The MPW Insiders Network is an online community where the biggest names in business and beyond answer timely career and leadership questions. Today’s answer for: “What should every college intern know about succeeding in business?” is written by Robin Koval, CEO and president of Truth Initiative and author of Grit to Great: How Perseverance, Passion, and Pluck Take You from Ordinary to Extraordinary.
Landing a stellar college internship is an important first step towards long-term career success. But even more important is making the absolute most of that internship so that when the program ends, you walk out the door with translatable, real-world experience and glowing references. My guiding principles for success can be summed up in two four-letter words: N-I-C E and G-R-I-T. Here are my tips for how college interns can make their mark.
Be kind – to everyone
Being nice, respectful and polite towards your direct boss and the head honchos of the company is a no brainer. But being kind to everyone else on the totem pole – the mailroom person, the janitors, your fellow interns – is crucial too. Aside from the fact that it’s just basic human decency to treat others well, building a reputation for yourself as a genuinely cooperative, pleasant person will open unexpected doors and forge the kind of relationships that lead to bigger and better opportunities. After all, in today’s interconnected world, you never know who you will cross paths with again in the future. So, take the time to learn each administrative assistant’s name; offer a friendly smile to whomever you encounter in the elevator and make politeness a character trait, not a tool you whip out only when seemingly advantageous to you.
During the interview process, I often determine niceness with the “receptionist test” for potential new hires. Of course I expect folks to be nice to me, as the CEO. But once they leave my office, I ask the receptionist if the candidate had greeted them nicely, thanked them for offering a beverage or made small talk while waiting. If the person was rude, they failed the test, and don’t get the job no matter how talented they may be.
Do Your Homework
Before you set foot in the door, study up on the company and relevant industry news. Know the name of the CEO, know the organization’s genesis, know the gist of any major initiatives or milestones they’ve announced in the past year. These are not things you’ll be quizzed about on day one, but having the solid background knowledge will enhance your understanding of the work you’re doing and how it fits in to the bigger picture. And, if the topics come up naturally in conversation, being able to speak to them intelligently will show your boss and other employees that you’re taking your role – and your opportunity to contribute to the company — seriously.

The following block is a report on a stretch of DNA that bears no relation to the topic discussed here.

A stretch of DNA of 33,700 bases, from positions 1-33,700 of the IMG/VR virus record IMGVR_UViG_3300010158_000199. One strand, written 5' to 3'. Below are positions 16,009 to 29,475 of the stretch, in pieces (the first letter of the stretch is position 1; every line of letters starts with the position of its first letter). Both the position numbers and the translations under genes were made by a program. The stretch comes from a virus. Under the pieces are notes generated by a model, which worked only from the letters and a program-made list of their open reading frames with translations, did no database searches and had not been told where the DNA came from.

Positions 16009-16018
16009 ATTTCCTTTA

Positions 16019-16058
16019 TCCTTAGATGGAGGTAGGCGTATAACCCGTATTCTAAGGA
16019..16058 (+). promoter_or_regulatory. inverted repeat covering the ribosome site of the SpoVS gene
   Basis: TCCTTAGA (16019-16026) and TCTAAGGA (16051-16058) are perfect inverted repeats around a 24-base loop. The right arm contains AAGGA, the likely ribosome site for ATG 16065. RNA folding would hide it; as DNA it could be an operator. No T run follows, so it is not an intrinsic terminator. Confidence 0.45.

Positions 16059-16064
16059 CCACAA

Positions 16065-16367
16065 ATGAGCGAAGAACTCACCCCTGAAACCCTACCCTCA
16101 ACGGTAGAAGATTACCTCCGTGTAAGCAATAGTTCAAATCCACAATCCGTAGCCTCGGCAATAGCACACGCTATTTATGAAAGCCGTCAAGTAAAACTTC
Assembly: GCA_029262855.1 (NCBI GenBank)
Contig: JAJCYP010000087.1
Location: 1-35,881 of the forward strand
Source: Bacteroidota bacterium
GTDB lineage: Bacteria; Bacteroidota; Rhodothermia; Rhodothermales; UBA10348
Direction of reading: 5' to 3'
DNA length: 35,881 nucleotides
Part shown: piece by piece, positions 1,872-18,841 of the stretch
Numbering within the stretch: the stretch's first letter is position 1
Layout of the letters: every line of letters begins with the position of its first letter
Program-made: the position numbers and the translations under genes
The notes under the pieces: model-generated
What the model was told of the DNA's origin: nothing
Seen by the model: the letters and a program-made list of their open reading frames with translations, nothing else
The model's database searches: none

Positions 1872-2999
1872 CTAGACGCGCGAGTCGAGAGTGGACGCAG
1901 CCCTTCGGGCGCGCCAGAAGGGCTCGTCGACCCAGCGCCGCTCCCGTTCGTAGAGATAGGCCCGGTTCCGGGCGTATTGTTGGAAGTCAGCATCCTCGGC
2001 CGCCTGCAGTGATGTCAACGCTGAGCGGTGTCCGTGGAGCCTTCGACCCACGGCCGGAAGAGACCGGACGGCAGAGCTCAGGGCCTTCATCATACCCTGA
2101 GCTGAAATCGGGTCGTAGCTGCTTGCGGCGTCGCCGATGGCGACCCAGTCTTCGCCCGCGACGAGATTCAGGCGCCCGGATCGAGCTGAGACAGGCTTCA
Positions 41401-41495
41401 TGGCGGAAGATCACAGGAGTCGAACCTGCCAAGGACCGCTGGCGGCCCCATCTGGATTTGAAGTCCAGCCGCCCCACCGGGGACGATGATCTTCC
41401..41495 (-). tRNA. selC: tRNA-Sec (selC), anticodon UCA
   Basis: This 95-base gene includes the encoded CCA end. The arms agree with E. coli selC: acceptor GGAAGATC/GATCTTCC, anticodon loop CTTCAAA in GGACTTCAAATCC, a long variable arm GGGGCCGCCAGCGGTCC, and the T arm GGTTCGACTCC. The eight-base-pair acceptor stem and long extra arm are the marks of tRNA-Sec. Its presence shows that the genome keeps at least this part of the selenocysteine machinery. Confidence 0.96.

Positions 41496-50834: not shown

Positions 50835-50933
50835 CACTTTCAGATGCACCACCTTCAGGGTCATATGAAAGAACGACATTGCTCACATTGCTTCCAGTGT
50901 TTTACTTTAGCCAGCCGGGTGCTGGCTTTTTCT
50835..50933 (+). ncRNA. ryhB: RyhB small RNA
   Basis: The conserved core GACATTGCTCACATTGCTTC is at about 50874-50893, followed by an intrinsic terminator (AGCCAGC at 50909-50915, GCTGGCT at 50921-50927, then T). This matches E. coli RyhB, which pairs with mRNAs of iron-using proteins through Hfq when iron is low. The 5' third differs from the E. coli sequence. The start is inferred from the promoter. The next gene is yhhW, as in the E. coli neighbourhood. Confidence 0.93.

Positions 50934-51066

Ask Smart Questions
When given an assignment, it’s natural that you’ll have initial questions. Instead of firing them off right off the bat, though, take a few minutes to think through your uncertainties and make sure that the answer can’t be easily deduced based on information that’s already accessible to you. If it can’t, take an educated guess of what the right answer may be. Then, share this educated guess when rounding back with your manager. Frame it as, “My question is X. I’m thinking the answer might be YZ, but wanted to check with you.” Even if your guess is wrong, you’ll be showing off your thoughtfulness and your critical thinking skills.
Stick Your Neck Out
Raise your hand for the extra challenging assignments and don’t be afraid to take on tasks that seem outside your wheelhouse. You’ll learn the most from stretching yourself in this way and your boss will see you as someone with guts, grit and tenacity who’s not afraid to tackle tough situations. And, if you fail, don’t panic. It’s not fatal. Why? You’ll inevitably experience setbacks throughout your career, and the sooner you learn the essential quality of resiliency, the better – and more successful – you’ll be.
Ask for constructive feedback on your performance – not just at the end of your internship, but throughout. When receiving the feedback, listen closely (take notes if needed) and ask for specific examples if they’re not given. Then, do your best to implement it! If helpful, write the feedback on a sticky note or better yet, make it your login password as daily inspiration for improvement.